A classic case of this transition is in Jamaica, where in the 1950s the fish catches were overwhelmingly made up of fish-eating fish species, followed by invertebrate feeders, and the few algae eating fish species were regarded as inedible. The desirable food species like groupers, jacks, and barracuda were wiped out sequentially by overharvesting, and at the same time nutrient pollution of the coastal zone by sewage and fertilizers over-fertilized the algae. The increase in land-based nutrient sources caused algae to proliferate, overgrowing and killing the coral reefs, which resulted in the loss of most of the invertebrates like crabs, shrimps, and worms which fed the majority of the fish species that the carnivorous fish ate. As a result the fish populations are now almost entirely made up of algae eating damselfish, parrotfish, and surgeonfish, which are now so intensively fished that few can reach reproductive age, so their source comes from larvae washed by currents from other parts of the Caribbean where these species are still not eaten. Ironically, although the fishermen were the first to notice that the reef fisheries were being killed by land based sources of pollution from coastal tourism development, foreign scientists blamed the fishermen, who they claimed had eaten all the algae eating fish and caused the algae to grow. In fact there is now no shortage of herbivores, and the fish population is now almost entirely algae eaters because this is the only source of food remaining after the formerly rich coral reefs turned into dense algae lawns.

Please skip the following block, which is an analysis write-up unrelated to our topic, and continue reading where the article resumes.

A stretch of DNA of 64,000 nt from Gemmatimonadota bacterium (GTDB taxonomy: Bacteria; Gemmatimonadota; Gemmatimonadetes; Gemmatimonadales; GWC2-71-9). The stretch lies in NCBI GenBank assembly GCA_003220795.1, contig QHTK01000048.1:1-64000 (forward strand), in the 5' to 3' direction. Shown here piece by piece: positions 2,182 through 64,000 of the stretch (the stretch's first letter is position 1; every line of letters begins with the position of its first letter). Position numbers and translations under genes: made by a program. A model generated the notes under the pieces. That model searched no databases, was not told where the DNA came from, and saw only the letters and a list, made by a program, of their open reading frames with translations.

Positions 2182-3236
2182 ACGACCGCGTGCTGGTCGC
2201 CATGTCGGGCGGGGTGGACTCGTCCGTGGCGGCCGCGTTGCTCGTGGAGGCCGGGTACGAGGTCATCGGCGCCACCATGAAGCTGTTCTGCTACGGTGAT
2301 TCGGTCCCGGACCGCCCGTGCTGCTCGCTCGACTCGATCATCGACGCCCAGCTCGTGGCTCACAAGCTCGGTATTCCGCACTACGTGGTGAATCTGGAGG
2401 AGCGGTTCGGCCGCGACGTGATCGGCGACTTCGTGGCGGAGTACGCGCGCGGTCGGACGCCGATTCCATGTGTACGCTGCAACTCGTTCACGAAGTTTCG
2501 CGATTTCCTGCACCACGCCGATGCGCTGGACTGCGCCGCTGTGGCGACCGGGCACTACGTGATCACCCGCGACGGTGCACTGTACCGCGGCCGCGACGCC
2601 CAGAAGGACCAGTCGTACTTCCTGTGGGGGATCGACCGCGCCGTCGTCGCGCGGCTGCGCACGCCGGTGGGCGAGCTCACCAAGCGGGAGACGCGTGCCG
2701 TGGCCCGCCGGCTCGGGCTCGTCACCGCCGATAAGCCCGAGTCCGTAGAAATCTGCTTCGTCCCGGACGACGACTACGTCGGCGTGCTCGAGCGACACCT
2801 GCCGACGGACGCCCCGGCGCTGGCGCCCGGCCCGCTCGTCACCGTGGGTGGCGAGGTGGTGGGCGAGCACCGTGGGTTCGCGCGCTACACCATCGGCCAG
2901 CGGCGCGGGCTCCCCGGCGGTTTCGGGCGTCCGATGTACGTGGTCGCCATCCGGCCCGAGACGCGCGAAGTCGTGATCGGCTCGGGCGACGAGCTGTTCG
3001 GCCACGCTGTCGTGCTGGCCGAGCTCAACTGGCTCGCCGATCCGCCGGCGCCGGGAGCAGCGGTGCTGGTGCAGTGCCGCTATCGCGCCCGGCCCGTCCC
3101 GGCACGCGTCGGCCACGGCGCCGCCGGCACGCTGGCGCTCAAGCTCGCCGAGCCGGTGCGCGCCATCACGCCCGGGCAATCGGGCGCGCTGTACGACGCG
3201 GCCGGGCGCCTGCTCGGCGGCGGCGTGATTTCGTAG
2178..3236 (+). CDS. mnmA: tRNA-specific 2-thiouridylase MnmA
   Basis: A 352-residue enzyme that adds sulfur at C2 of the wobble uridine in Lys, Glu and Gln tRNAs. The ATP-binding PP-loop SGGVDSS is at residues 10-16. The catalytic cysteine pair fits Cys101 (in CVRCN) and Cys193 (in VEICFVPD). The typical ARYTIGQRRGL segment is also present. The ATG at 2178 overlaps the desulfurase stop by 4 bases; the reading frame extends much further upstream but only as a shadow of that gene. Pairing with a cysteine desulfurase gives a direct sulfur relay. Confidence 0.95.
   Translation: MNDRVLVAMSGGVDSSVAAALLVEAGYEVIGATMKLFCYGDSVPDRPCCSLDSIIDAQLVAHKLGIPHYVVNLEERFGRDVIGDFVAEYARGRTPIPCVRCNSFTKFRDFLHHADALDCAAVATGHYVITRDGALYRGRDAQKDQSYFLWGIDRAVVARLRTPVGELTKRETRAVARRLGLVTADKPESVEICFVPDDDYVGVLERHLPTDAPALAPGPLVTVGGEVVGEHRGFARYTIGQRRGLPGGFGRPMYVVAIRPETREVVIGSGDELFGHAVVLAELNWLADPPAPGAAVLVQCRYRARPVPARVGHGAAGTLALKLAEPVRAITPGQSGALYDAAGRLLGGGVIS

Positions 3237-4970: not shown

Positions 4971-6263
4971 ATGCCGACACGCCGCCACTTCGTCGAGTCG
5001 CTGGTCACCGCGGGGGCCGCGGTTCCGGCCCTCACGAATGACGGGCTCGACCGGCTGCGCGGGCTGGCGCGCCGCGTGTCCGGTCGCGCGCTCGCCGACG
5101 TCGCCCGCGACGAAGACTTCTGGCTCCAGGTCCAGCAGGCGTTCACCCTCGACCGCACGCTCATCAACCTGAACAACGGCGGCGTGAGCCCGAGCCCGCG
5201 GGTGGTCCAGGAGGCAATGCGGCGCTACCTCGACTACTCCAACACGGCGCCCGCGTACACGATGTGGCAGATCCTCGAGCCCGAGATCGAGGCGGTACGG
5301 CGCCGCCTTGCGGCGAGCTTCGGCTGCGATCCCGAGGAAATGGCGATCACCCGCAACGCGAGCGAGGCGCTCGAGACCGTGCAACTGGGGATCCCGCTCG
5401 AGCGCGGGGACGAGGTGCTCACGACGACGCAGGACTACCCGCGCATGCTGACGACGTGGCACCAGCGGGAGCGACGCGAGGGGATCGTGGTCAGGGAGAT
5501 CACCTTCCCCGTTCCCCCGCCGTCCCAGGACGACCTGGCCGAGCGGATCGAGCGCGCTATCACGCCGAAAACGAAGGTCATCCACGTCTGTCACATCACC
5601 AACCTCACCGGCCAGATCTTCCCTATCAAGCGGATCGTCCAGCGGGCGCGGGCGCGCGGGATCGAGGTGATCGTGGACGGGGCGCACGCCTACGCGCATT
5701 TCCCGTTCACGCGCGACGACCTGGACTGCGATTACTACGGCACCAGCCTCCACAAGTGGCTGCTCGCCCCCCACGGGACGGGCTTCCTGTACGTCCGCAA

3. Causes of Decline: Overfishing